#OurFoodHasAStory Post 2 Kylie McRea 

My first guest blog post was written by a good friend of mine, Kylie McRea. Kylie and Darren Ippolitto have been a huge part of our ranch success, as we buy the majority of our bulls from them. Their genetics, as well as their experience and wisdom have helped us improve our cattle herd year over year. As a new mother, I was looking forward to reading Kylie’s food story. Enjoy!!


Thank you Adrienne for the opportunity to submit a blog post in celebration of “Saskatchewan’s Agriculture Month”.

My name is Kylie McRae, and I am part of the team at Moose Creek Red Angus {check them out here!}, a family run purebred and commercial Red Angus cattle operation at Kisbey, Saskatchewan.  

How lucky can a gal get… to be a part of Saskatchewan’s Agriculture industry. On a daily basis I get to work outside on the land, take care of animals, work with family, grow food for my family, and now I get the opportunity to raise our son Kord here on the ranch. 

 Kord was lucky enough to be born at the beginning of our calving season, February 21st. With this being our first child, it was suitable that I was giving birth in sync with the heifers (first time calvers). So from an early age he has been helping me on the ranch, everything from checking calves, bedding barns and feeding cows (those Ergo baby carriers sure are handy) because let’s face it, there is always work to be done. I think that exposing him to different types of animals, hay and other farm smells at a young age will reduce his risk of major allergies to pets, dust, hay etc. as he gets older.  

Kord is the lucky one now. He gets to grow up on a ranch; surrounded by his family, pets, livestock, friends and Mother Nature. I will be able to tell him to “get outside” and not have to worry about him staying in a fenced yard, or strangers… although I may have to put a sign in our yard to slow traffic down… but regardless growing up in the country is definitely a blessing.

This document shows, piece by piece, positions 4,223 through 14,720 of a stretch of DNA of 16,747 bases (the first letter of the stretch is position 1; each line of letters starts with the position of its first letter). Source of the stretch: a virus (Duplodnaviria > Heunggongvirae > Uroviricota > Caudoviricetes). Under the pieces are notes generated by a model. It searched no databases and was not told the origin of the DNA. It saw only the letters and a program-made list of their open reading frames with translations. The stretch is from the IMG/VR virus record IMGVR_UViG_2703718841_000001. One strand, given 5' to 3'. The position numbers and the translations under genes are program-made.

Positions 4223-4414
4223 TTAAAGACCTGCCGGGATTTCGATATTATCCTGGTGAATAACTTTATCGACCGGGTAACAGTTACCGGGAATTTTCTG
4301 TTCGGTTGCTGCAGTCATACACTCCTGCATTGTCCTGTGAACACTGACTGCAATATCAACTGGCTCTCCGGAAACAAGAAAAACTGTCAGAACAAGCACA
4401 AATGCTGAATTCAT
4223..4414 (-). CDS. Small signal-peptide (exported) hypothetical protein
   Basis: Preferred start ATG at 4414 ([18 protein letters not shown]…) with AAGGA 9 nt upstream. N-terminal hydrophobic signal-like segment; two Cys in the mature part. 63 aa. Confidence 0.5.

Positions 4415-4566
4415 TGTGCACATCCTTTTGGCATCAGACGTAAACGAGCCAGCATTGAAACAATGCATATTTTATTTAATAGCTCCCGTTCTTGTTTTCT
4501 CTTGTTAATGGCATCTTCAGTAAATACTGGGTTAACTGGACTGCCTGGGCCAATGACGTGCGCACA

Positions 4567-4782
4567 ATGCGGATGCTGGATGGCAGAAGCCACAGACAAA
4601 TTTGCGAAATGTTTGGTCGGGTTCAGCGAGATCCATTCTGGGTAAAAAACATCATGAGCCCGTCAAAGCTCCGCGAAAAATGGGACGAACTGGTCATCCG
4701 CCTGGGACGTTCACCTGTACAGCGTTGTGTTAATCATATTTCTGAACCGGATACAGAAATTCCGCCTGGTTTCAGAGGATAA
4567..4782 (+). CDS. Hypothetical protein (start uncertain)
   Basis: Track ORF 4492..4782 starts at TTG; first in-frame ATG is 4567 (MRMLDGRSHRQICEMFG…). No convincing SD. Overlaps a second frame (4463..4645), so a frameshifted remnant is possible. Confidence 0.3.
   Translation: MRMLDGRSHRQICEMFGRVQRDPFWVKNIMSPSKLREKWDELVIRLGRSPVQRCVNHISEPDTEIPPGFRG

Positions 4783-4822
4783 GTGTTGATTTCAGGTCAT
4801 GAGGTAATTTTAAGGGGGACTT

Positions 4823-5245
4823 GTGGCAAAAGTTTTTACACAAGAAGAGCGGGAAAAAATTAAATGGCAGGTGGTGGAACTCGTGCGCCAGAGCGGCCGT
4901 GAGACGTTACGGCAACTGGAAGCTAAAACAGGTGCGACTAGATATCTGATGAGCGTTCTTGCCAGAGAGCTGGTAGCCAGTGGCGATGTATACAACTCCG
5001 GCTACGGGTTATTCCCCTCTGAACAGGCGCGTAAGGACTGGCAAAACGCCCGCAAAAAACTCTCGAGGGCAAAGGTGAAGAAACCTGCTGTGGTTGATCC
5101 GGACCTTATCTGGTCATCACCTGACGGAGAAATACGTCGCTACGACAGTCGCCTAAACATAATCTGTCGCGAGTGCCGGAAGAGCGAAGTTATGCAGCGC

I was lucky enough to grow up on a farm, and I am thankful that my parents chose to raise me there along with my siblings. The family values it instilled, lessons in teamwork, and close relationships we were able to form with grandparents and extended family was something I am truly grateful for.  

There is a strong sense of pride growing your own food, and you gain extra satisfaction at every meal. We are lucky to have a freezer full of beef and pork we raised, chicken from our neighbour, and fish from a northern fisherman. The beef may or may not have had added growth hormones, and maybe at some point it had to be treated with antibiotics for an ailment, but it really doesn’t matter to me. The food safety standards of Canadian beef assure me that by the time these animals are butchered, they are safe to eat. It is safe because the proper length of time has passed for the withdrawal periods, meaning any added hormones or antibiotics have long since left the animal’s system, so you are not eating them in your meat. All the fear marketing occurring these days is really just fear mongering without any science to substantiate claims. I ate beef all throughout my pregnancy, and I had a healthy happy pregnancy. The first meat Kord has tried, now that he is eating solids, was roast beef. Healthy, nutritious and safe to eat, Canadian beef is my protein of choice! Tonight for supper Kord got to eat a variety of foods raised right here on the ranch, beef, apples and beans! Now that is food with a story. #OurFoodHasAStory

 Supper for 7 month old Kord, made with homegrown beef, beans and applesauce from our ranch. #OurFoodHasAStory

 Kord enjoying his supper made from food all grown here on the ranch. #LoveCDNBeef #EatBeef #nomnom  


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